Maui and her sister islands are reviving one of the most important spiritual times of ancient Hawai‘i: Makahiki.
Dedicated volunteers are restoring the remains of a once-thriving Native Hawaiian village in Honokowai Valley—from the sticks to the stones.
Pua Van Dorpe has spent a lifetime pursuing her passion—reclaiming this ancient and lost Hawaiian art
See what happens when ancient Hawaiian culture meets modern art techniques at Maui's annual Celebration of Hawaii exhibit at Viewpoints Gallery in Makawao.
Hawaiian lore finds the spirit of the divine in the ordinary world.
The Lobelia Grayana is an endangered lavender flower that grows in Waikamoi Preserve on Maui. Ancient Hawaiians called this plant opelu.
Discover how the nonprofit Maui Nui Botanical Gardens is planting the seeds of today and working to preserve Hawaiian culture for the future.
The study of seaweed has enabled Hawaiian women—past and present—to sharpen their scientific eye, flavor bland meals, and exercise the art of metaphor.
Li hing mui is a favorite Hawaii snack. Lehia shares her top 10 ways to eat this salty sweet treat.
In contrast to modern hula (which is typically accompanied by Western-derived stringed instruments, such as the slack-key guitar or ‘ukulele), ancient hula is purely percussive.
How could we dedicate an issue to all things hot about Hawai‘i and not include Pele? The volcano goddess is as renowned for her fiery passions as for the molten lava with which she creates new land.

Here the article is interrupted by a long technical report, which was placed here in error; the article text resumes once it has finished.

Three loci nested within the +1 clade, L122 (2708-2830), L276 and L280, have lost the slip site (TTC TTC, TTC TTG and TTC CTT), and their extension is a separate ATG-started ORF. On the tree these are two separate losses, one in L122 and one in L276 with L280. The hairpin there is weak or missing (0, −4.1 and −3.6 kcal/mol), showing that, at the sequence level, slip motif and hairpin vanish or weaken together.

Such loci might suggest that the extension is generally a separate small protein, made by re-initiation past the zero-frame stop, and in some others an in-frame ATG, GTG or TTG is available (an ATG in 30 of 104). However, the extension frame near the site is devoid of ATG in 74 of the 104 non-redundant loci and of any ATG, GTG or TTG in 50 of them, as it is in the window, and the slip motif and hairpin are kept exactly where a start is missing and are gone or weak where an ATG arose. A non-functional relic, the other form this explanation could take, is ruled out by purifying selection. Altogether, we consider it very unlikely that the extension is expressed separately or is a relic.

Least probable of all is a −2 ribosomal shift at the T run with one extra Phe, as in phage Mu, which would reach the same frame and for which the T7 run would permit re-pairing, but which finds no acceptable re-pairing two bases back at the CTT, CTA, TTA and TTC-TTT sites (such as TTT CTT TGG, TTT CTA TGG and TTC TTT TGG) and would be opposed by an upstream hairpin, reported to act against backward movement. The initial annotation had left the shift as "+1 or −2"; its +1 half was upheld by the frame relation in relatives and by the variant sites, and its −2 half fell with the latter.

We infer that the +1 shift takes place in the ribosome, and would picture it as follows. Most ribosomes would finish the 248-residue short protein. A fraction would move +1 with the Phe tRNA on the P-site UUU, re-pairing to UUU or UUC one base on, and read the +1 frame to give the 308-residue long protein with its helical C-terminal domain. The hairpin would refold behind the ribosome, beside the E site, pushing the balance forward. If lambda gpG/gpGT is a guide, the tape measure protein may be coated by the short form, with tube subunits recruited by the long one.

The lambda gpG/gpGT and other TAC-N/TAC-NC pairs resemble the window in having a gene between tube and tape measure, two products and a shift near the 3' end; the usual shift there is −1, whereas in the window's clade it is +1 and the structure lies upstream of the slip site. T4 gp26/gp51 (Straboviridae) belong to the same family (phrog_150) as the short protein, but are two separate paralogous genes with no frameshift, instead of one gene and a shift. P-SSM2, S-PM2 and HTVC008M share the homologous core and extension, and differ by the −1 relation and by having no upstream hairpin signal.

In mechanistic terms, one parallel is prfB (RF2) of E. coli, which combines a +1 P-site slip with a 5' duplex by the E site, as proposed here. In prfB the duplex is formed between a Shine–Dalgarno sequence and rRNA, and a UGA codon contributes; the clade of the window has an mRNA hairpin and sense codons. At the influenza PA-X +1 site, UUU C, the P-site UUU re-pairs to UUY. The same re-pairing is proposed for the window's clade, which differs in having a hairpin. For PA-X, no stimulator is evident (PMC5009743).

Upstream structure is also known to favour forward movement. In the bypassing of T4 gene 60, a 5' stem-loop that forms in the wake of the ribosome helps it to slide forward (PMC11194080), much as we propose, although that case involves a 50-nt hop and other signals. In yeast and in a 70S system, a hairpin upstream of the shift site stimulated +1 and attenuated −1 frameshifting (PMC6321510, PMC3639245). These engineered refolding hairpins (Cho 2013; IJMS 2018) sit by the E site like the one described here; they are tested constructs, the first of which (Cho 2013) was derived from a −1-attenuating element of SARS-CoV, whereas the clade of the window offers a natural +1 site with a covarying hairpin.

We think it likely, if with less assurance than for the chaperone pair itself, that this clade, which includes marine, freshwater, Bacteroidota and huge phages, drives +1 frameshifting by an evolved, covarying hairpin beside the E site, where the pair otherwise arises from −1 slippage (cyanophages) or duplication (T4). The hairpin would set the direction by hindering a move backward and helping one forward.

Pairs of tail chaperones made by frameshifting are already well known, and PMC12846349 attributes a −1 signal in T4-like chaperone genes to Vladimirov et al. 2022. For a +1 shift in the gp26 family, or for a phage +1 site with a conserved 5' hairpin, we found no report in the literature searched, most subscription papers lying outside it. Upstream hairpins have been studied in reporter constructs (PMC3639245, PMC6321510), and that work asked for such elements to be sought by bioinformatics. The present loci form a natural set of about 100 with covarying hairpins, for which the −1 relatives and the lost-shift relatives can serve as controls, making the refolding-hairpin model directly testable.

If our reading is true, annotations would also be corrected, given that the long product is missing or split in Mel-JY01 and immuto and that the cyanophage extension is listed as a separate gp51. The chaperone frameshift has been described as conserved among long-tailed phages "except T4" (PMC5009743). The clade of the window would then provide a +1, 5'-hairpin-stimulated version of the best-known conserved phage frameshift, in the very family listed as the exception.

Hawaiian pa'u riders carry on an exuberant tradition, bedecking both horse and rider with flowers and fine fabrics.
In its wax and wane, Hawaiians of old found the secrets to sustainable living.
Hāna’s families teach acclaimed chefs about living off the land—and remind themselves what it means to be Hawaiian.
If Hawaiian kalo (taro) is in danger, is genetic modification the answer?
'Ukulele entertainer and master teacher Walter Kawa'i'aea keeps the beat of Hawaiian music.
A millennium before Haleakala became a national park, Hawaiians traversed its moonscape crater. On the park’s centennial, we reprise that journey.
Using ancient navigation techniques as a guide, master woodworker Keola Sequeira breathes new life into the ancient art of canoe building right here on Maui.
A race of Polynesian seafarers in double-hulled canoes managed to carry with them food for the rest of their lives in Hawai‘i, along with their medicine, clothing, handicrafts, and the essence of their religion.
In its twenty-five years, Po‘okela has influenced the community beyond Kaanapali Beach Hotel.
Among Polynesians, the Hawaiians of old excelled in the making of kapa. Their distant daughters have begun to reclaim this once-lost ancient art.
Kumu hula and lei maker, Gordean Bailey has spent a lifetime sharing the culture of aloha.
For more than a millennium, Hawaii relied on was an oral culture. It’s not mere chance that the spoken word has regained its importance today.
Bit by bit, archeologists are uncovering a forgotten island where kings once ruled and a sacred lizard kept watch.
Learn the traditional uses for native plants nurtured by Anna Palomino at Ho‘olawa Farms in Haiku.
Finding the science behind an ancient, indigenous practice.
Lānaʻi Waiaʻōpae fishpond once helped feed the island's people. Today it's feeding a hunger for culture.